Bespoke work away from masts and oars

With a proven pedigree in the world of wooden yacht masts and oars, our skills and knowledge have often been called upon within similar industries. As a glue-lam specialist and with the flexibility and facilities to take on a wide range of projects, diversification has become common place.

With the growing demand for traditional and sustainable materials within modern architecture, internal and external columns, both structural and cosmetic, have become regular work to satisfy this growing market. With the ability to turn almost any size of column from a variety of materials, there is little we cannot accommodate. 

The link below will highlight some of the bespoke projects we have undertaken over the years. 

The logical progression into wooden masts

Over the years Collars' spars have been used in Olympic competition, crossed all of the worlds Oceans, and can be found on nearly all wooden sparred production boats ever made. With a capacity of producing any wooden mast or spar up to 100' in length....

Oars

Having made our name in producing the finest quality wooden rowing oars for crews throughout the world, it is hardly surprising that we are still producing a comprehensive range today. At the lower end of the range are the standard wooden oars, offering quality and value for everyday use. Using the skills from three generations of the Collar family, a pair of Spruce spoon or skiff oars can be produced individually to the customer's requirements.

Flag poles

Whether looking to replace an historical flagpole, or raising a celebratory flag, our pedigree in producing the finest quality wooden masts for over 80 years makes Collars the obvious choice for making any flagpole. Using the finest quality timber available, our skilled craftsmen are able turn by hand, any size or configuration required. With our bespoke service, we will guide you throughout the complete process, from an initial consultation to erecting the finished product.

Projects

With a history dating back over 80 years, we have produced mast and spars for some of the most beautiful yachts in existence. Specialising in producing the finest quality yacht masts and spars, we pride ourselves on a personal, tailored service and maintain a close and constant contact with our customers. From the critical choice of timber to the final stages of smoothing and varnishing, a Collars product has over eighty years of experience and expertise put into it, making us the number one choice time and time again.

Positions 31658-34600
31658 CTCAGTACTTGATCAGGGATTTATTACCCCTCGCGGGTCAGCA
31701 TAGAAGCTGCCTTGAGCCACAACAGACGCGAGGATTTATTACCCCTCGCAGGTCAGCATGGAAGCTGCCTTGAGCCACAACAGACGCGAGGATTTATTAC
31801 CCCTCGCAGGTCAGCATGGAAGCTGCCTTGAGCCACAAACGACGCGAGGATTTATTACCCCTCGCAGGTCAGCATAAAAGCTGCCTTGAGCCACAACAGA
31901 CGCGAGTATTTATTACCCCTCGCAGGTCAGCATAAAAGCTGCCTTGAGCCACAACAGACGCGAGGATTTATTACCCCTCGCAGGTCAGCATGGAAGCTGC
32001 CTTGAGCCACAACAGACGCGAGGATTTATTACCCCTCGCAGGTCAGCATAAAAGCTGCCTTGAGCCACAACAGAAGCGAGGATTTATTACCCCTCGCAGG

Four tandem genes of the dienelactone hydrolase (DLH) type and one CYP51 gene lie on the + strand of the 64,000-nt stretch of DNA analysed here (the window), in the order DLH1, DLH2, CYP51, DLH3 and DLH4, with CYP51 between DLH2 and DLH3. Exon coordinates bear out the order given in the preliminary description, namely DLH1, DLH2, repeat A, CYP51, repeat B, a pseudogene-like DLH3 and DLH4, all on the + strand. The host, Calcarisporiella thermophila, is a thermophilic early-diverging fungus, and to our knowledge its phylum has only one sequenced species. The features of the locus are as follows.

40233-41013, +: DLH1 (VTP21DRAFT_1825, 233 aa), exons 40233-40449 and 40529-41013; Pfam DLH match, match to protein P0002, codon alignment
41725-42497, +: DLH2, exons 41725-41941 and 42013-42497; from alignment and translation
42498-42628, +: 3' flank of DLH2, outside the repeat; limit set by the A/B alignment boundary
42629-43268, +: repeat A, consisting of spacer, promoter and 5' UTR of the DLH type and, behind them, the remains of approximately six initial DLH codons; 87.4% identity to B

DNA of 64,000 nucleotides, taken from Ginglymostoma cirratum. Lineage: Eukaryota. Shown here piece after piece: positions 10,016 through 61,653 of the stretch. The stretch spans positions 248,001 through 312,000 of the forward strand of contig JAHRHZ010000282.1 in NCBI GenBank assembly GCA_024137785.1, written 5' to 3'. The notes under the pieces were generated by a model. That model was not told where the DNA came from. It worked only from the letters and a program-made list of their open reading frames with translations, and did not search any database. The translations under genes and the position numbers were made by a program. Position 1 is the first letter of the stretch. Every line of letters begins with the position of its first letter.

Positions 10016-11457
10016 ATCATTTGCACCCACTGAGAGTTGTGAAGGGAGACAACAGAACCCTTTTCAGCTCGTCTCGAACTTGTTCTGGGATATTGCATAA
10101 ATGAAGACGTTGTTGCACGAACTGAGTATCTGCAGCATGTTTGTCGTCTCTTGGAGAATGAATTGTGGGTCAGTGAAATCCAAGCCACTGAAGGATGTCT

The following links are a small selection of the some of projects we have been proud to be part of in recent years.

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Oar pitch: Getting it right can make all the difference

pitch

All too often, the pitch of an oar is forgotten about when it comes to recreational rowing. Too much pitch makes it hard to bury the blade; too little pitch makes it too easy to pull too deep through the water.  When the pitch is correct (about 4 degrees), the blade will balance in the water at a comfortable level, allowing the rower to concentrate on the effort needed to propel the boat, rather than on blade depth.

In simple terms, the pitch is the angle of the blade away from perpendicular during the pull phase of the stroke. Imagine the top of the blade angled aft of  the bottom edge. This is the net result of the pitch in the oar itself and the pitch of the gate on the pin.  On modern carbon shaft oars the plastic sleeving can be adjusted to create the desired pitch, but on wooden shafts its a little more involved.

Most rowers have their preferred angle, somewhere between 3 to 7 deg of positive pitch, and to achieve this we have to build it into the oars. The flat back of the oar needs to be angled before any sleeving is applied, thus creating the desired pitch and also assigning the blade to either bow side or starboard side. Rowing with the oars on the wrong side will turn positive into negative pitch and will be almost impossible to use. To set the oars a pitch gauge is used, the tip of the blade is placed on a level surface and then the angle required is set on the gauge. A smoothing plane is used on the back of the oars and shaft around the area of the button is taken down until the bubble on the gauge reads correctly, thus creating pitch on the oar blade itself. After varnishing the sleeve or leather is applied and then number and labelled ready for use. On old oars there is always the possibility that they can twist slightly over time, and therefore periodic checking is sometimes worthwhile

Next time you see a rowing crew stop rowing, and put their blades flat on the water, notice how their blades run over the water without any hint of catching with the forward motion. Just remember that the pitch has lifted the forward edge of the blade in relation to the aft.